were determined, as shown in Table 4. The vertical
orientation of AFRP in beam B4 proved to yield a lower
performance than the diagonal orientation of AFRP seen in
other strengthened beams. This is attributed to: deep beam
failure action, and failure of the beams’ chords due to
First shear crack (kN)
First flexural crack (kN)
Failure load (kN)
vertical cracks parallel to the FRP axis which helps for
Beams B6 and B7 were initially loaded up to 70% of the
control beam (B2) capacity to simulate the initial cracks.
The load in Beam B6 was kept without release, whereas,
the load in B7 was released to the cracking load of control
beam B2. The load was then kept constant for both beams
during FRP strengthening process. The diagonal AFRP
strips were then used to strengthen both the upper and
lower chords of these beams. After this strengthening
procedure, the beams were subjected to a continuous load.
It was observed that there were no critical diagonal cracks
present in beams B6 and B7; the maximum crack width
measured for these beams, therefore, remained minor
during the entire loading history. Additionally, when compared
to beam B4, no debonding failure was observed at the end
of the AFRP in these beams up to the failure loads. The
cracking, failure loads and modes of failure of these beams
are shown in Table 3 and Fig. 6. Compared to beam B1,
the reduction in shear capacity was caused by the early
formation of a diagonal crack around the chords of the
opening due to the stress concentration and the reduced
ability of the web area to resist high shear.
3.2 Cracking Behaviors
A special microscope with 0.02-mm accuracy was used to
measure the crack width at different locations. The loads
corresponding to the appearance and progression of cracks at
the different loading stages are presented in Table 4. The
first crack appeared at approximately the shear span of the
beam, with, new cracks forming progressively towards the
supports. Diagonal shear cracks appeared next, which were
propagated downwards to the inner edge of the support and
upwards to the loading point. With its appearance, the width
of the shear cracks began to exceed that of those formed in
the flexural zone. As load increased, the existing cracks
advanced further and new cracks began to form inside the
openings, which ultimately lead to the failure at the beam‘s
chords. During the course of this study, all major cracks
were inspected (visually) and their maximum widths
measured and recorded up until failure. The measured crack
widths against the applied load are plotted in Fig. 4.
The measured cracking width of beam B1 was
approximately 0.15 mm at 88 kN. As loading progressed, the crack
width augmented from approximately 0.33 to 1.45 mm at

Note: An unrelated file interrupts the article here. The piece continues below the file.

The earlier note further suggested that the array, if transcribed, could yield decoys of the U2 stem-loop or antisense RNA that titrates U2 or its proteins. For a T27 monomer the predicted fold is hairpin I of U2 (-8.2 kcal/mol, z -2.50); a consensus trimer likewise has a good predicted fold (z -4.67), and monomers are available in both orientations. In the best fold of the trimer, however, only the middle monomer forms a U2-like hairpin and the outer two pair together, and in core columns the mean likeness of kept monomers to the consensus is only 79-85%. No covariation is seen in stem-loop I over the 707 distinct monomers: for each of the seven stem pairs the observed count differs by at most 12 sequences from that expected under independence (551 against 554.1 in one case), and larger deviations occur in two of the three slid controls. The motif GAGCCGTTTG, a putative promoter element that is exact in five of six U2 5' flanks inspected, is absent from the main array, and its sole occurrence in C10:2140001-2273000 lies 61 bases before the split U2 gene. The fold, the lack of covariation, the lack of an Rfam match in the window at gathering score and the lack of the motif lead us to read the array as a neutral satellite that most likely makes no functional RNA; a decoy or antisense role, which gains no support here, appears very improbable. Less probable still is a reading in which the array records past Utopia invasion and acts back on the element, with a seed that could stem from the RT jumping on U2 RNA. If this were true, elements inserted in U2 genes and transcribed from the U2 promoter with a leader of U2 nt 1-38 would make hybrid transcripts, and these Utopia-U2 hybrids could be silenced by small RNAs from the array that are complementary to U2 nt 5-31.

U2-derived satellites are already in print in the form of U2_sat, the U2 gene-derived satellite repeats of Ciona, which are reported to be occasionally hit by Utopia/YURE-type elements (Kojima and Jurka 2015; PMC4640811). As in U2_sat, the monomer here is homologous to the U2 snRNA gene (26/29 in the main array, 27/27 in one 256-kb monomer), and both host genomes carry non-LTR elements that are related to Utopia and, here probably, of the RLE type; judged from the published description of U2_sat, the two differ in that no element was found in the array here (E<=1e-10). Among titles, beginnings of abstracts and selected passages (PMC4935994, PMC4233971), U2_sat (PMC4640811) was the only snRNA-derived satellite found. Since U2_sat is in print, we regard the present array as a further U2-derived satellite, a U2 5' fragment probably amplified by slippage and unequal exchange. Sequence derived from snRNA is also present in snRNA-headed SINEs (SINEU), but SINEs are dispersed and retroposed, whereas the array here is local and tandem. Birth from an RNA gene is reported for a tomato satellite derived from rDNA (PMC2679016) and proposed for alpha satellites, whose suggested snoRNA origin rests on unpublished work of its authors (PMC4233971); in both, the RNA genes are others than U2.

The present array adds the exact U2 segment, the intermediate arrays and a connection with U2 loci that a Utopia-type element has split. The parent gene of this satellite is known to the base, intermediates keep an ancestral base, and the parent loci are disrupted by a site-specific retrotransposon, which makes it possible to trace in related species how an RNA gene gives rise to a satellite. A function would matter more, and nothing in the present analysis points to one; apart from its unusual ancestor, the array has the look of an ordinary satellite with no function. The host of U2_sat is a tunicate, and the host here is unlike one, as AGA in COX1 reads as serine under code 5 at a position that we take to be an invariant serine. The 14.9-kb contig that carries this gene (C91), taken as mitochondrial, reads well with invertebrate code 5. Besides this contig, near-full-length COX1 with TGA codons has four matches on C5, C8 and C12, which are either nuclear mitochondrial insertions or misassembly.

125 and 251 kN (failure load), respectively. In beam B2,
cracks appeared early during the loading process, with a
width of approximately 0.04 mm at a load of 40 kN. After
increasing the load, the crack width increased exponentially,
especially in areas near the opening. Beam B2 experienced
failure in shear at 124 kN, with a maximum crack width of
3.31 mm. The crack patterns of the remaining beams (B3–
B7) before strengthening showed very similar crack patterns
to those in the control beam (B2); however, the maximum
measured crack width for all AFRP strengthened beams was
lower. Furthermore, the attained ultimate loads were much
higher than that of the control beam, as illustrated in Table 3.
Figure 4 shows the crack width of the tested beams.
By increasing the pre-damaged load before strengthening,
the crack width increased rapidly especially during failure
stage. In beam B5, lower pre-damaged loads resulted in a
remarkable decrease in the crack width by 15.8 and 60% at
corresponding loads of 80 kN and 125 kN, respectively,
compared to the control beam B2. When the pre-damage was
increased to 70% of B2, the crack width increased
considerably, and hence a significant reduction in the beam
stiffness was recorded. At 80 and 125 kN, the crack width of
specimens B6 (with pre-damages of 70% of B2) was about 7
and 9.8%, respectively, and resulted in lower crack widths
than those of beam B5 (with lower damage) as shown in
In the strengthened beams, the main flexural crack formed
at a load of approximately 65 kN. After a load level
corresponding to approximately 85% of the ultimate load was
attained, no more flexural cracks appeared, and only
widening of the existing vertical flexural cracks could be
observed. Next, the beam started to fail, mainly by brittle
shear failure, in which the diagonal shear cracks that formed
at the top and bottom chords of the beams led to concrete
crushing or AFRP debonding or peeling. Most of the failures
Fig. 5 Load deflection relationship of the tested beams a B1,